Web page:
Project Syndicate: Why Do Cities Become Unaffordable?

Cities, as vibrant economic hub, can become unaffordable. Inequality rises, eventually driving some residents away. “If too many lifelong inhabitants are driven out by rising housing prices, the city itself suffers from a loss of identity and even culture,” explains Robert Shiller, professor of economics at Yale University. “As such people depart, an expensive city gradually becomes an enclave of high-income households, and begins to take on their values.” Shiller reports on the Demographia International Housing Affordability Survey, which shows disparities across major global cities: Hong Kong, Sydney, Vancouver, Auckland, San Jose/Silicon Valley, Melbourne, Los Angeles, London and Toronto have the highest high housing-price-to-income ratios. As with any cross-border data, inconsistencies can make comparisons challenging. Problems are compounded when current homeowners resist new housing stock and developers prefer high-cost projects. Low interest rates since the 2008 global debt crisis has contributed to speculation and rising prices. Innovation and market forces may push out people who do not contribute to new endeavors, Shiller notes, and high prices can also signal acceptance of inequality, selfishness and a lack of humanitarian spirit, which in turn generates animosity. – YaleGlobal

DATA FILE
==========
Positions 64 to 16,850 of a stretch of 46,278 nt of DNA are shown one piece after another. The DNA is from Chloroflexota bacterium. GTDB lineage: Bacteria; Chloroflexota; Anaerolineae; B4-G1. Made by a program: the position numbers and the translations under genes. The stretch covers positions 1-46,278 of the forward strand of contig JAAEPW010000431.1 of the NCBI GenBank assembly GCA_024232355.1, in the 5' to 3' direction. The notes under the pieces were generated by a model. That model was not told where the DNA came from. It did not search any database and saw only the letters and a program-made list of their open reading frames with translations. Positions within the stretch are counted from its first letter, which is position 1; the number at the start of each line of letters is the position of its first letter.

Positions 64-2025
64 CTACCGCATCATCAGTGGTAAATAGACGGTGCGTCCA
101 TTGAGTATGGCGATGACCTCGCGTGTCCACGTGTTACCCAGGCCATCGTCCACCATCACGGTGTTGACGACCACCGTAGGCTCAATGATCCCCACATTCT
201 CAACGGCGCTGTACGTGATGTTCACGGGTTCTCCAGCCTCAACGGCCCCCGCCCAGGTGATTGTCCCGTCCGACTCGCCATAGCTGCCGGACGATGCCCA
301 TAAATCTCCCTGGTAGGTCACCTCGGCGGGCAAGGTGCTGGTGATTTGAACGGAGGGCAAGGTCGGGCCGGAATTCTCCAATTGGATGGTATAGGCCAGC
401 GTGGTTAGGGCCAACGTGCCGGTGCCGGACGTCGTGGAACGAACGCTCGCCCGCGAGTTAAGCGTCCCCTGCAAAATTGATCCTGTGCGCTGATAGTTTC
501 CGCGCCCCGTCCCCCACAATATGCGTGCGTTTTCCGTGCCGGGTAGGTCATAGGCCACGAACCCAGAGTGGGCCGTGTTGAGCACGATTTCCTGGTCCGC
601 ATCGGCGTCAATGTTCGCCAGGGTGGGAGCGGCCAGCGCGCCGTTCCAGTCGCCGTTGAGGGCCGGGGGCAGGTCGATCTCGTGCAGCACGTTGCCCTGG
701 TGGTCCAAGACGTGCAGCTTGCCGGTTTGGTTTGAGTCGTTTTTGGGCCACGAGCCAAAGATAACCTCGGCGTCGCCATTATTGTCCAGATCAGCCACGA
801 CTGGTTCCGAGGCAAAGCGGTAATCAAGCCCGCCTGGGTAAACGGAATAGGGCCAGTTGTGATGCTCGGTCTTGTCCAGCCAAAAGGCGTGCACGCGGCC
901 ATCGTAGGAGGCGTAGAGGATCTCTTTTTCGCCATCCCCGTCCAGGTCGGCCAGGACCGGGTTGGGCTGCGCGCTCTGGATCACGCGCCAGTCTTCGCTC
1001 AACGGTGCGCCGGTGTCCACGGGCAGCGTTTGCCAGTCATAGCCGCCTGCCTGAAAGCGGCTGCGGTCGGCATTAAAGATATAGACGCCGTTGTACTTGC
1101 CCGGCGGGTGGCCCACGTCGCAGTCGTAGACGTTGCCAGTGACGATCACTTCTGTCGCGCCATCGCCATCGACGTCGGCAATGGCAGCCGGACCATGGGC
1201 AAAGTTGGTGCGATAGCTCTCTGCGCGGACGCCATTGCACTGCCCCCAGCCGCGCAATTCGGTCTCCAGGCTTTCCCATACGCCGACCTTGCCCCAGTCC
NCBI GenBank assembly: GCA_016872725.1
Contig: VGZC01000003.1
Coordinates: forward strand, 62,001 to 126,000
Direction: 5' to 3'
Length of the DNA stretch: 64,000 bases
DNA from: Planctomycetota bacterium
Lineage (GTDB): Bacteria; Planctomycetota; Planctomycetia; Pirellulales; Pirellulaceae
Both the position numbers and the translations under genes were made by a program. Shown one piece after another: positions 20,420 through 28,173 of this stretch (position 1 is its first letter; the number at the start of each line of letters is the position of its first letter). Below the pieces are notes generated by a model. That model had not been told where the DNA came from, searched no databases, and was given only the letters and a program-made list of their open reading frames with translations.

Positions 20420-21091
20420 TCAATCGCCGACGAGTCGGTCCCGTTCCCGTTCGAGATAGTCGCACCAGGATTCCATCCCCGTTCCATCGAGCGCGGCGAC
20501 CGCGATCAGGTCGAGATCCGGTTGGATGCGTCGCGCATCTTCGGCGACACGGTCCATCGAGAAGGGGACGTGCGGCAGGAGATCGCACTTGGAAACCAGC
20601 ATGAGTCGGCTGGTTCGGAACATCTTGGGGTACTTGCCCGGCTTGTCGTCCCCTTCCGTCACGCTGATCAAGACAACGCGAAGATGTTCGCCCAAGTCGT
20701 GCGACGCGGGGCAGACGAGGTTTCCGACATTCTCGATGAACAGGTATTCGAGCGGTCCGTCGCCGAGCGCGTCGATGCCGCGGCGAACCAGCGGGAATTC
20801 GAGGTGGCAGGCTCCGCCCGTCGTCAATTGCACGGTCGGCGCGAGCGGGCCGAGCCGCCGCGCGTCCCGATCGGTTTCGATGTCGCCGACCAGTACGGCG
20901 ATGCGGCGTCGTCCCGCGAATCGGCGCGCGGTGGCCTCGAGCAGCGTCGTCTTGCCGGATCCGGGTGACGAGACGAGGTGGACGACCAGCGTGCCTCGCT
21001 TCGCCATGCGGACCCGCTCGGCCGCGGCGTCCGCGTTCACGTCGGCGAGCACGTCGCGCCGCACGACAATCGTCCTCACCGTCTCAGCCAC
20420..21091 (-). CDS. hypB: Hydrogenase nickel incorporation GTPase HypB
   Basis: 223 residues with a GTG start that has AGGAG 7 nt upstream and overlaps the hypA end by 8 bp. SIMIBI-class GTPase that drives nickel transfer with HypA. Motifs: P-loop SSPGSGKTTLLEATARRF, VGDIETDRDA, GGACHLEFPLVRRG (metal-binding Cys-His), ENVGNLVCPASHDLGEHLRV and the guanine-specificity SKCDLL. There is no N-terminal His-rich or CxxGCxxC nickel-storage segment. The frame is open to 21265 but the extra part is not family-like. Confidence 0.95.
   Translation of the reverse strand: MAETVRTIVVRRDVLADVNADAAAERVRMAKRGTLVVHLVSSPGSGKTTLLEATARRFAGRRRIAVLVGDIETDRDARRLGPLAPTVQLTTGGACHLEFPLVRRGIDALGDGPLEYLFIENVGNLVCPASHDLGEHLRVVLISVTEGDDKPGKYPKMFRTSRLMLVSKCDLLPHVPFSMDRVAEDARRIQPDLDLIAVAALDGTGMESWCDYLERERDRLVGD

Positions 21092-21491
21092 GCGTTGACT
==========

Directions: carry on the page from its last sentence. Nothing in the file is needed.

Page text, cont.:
Project Syndicate: Why Do Cities Become Unaffordable?

Cities become unaffordable due to limited space for building or innovation – which in turn can lead to inequality and animosity
Robert J. Shiller
Tuesday, July 18, 2017
© 1995 – 2017 Project Syndicate

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